• Concerning traders taking a short position, are these traders borrowing shares to sell back to the company? If so, are these shares no longer available to the public? What happens then? Thanks and Merry Christmas!

  • Reply to

    Tytus your sales and profit numbers and price target

    by jk4763 Dec 24, 2014 10:22 AM

    not by February, In february we will see 50

    under 3 earnings would be 285m annually, will be a lot more

  • The action in this stock is perplexing at times. I would guess it is pushed around each day by the bigger funds like a play toy.

  • the AAA game publishers are more like media companies than IT companies. The cost to develop the games is enormous, often exceeding the cost to develop a big Hollywood movie. And the distribution of AAA games is analogous to the movie industry, too. Movies have a window period for release in theaters, when they typically garner most of their sales, before being released into a discounted format like DVD, Netflix, HBO, etc. So, too, it is with AAA games. The big dollars flow to the console game publishers soon after release, before the discounting starts through used game channels.
    To understand how expensive it is to develop these games, look no further than the income statements of the publishers. I understand that the incremental cost to replicate a game once developed is essentially zero. The point is that the upfront cost is massive.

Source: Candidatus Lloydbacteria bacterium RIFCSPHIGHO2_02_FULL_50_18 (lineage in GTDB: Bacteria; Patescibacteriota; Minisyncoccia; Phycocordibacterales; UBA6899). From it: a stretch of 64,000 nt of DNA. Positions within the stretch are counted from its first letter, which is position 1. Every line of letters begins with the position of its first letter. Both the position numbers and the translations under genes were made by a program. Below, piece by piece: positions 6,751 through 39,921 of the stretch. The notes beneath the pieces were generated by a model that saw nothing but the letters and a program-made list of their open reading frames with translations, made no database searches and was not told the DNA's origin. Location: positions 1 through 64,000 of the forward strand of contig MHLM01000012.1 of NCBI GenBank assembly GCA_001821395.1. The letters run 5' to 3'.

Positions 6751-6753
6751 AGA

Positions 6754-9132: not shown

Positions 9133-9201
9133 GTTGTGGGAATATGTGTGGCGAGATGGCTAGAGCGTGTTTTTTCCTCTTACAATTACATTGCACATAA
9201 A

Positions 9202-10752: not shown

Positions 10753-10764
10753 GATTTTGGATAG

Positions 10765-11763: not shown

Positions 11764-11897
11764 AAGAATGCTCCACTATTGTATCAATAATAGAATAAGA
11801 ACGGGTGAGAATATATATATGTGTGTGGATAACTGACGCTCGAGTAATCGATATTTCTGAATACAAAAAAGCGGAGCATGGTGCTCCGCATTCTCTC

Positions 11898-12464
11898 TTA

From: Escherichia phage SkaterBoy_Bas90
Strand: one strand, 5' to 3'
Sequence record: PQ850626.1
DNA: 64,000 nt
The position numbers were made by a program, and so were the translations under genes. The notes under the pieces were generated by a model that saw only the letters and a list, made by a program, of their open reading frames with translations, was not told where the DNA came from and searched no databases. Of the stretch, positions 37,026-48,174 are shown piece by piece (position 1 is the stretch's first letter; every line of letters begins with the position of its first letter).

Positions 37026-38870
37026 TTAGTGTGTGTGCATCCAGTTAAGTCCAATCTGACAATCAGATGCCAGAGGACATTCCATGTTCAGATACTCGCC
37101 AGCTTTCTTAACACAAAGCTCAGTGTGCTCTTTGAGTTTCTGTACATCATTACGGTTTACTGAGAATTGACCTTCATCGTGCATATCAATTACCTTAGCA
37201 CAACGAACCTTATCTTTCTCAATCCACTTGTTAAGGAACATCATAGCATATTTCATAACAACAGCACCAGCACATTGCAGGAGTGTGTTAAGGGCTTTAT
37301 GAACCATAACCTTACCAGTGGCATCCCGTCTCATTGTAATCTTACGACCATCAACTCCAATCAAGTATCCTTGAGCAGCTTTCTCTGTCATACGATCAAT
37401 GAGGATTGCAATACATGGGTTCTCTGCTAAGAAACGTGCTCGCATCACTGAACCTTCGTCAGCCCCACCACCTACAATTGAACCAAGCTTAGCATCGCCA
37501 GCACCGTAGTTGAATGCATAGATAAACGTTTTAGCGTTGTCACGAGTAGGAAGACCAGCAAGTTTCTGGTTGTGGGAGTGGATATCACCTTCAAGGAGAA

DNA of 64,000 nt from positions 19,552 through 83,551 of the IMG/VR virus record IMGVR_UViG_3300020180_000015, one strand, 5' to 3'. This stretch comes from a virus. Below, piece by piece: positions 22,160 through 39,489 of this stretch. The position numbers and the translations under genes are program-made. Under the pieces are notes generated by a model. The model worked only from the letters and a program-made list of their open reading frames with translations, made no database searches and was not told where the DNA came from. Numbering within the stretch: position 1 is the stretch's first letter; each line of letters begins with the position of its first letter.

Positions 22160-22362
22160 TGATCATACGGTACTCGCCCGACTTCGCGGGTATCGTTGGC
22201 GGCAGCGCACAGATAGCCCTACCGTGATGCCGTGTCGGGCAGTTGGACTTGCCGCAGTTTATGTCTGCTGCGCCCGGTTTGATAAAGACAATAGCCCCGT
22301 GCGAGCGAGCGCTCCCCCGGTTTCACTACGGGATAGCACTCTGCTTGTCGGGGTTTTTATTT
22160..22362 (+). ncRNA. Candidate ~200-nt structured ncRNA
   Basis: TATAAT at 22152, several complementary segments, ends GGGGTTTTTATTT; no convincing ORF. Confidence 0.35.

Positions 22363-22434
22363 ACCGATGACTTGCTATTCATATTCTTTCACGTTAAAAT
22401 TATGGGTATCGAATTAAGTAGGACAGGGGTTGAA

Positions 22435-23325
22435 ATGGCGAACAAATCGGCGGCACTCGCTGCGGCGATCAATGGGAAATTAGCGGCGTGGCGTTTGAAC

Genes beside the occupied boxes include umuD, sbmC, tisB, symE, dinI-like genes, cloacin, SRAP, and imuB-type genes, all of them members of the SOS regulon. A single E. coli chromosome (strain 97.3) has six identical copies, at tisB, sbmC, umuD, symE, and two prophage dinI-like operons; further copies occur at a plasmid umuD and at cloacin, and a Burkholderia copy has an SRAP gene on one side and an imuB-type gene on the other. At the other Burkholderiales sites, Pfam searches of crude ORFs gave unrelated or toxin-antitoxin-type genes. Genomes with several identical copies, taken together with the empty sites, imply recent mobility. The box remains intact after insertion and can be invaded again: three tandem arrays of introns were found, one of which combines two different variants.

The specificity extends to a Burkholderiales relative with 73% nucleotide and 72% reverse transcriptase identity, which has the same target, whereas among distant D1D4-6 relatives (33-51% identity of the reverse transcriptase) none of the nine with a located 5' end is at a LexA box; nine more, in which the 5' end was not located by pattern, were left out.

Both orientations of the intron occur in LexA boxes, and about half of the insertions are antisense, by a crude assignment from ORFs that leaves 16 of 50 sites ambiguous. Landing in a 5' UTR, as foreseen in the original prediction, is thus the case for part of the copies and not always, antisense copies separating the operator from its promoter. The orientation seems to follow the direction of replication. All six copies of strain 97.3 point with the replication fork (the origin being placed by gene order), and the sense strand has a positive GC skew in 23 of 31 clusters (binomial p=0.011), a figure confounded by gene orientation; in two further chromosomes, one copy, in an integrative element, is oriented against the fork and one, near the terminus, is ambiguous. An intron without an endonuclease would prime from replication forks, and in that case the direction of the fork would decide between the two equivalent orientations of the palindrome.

• Reply to

    Tytus your sales and profit numbers and price target

    by jk4763 Dec 24, 2014 10:22 AM

    Online downloading of games is what is killing GME.

    http://www.nasdaq.com/article/what-activision-and-ea-dont-want-you-to-know-about-their-surging-digital-video-game-sales-cm426633

  • each day are looking more and more unlikely. I give GME a 1% chance of hitting 50 by February. I believe eps will be revised to under $3 next year. all my opinion.

  • Reply to

    GME Having A Great Christmas In Sales

    by tytus1212 Dec 24, 2014 8:47 AM

    Good Morning tytus1212,

    Though I am on the opposite side I will grant you this much, the stores are absolutely packed. At least here in Westlake Ohio they are. Cannot find a single parking spot at the mall all week long. I think that retail sales numbers for retailing as a whole are going to be much higher than expected.

    That of course is a good omen for GME. Yet I do not know a single person who planned any Christmas shopping at all at GameStop. And I've asked around. If U.S. holiday sales are up, and GME sales are not, what kind of omen would that be?

    Bull or Bear, it all depends on this Christmas.
    MBA

  • Reply to

    GME Having A Great Christmas In Sales

    by tytus1212 Dec 24, 2014 8:47 AM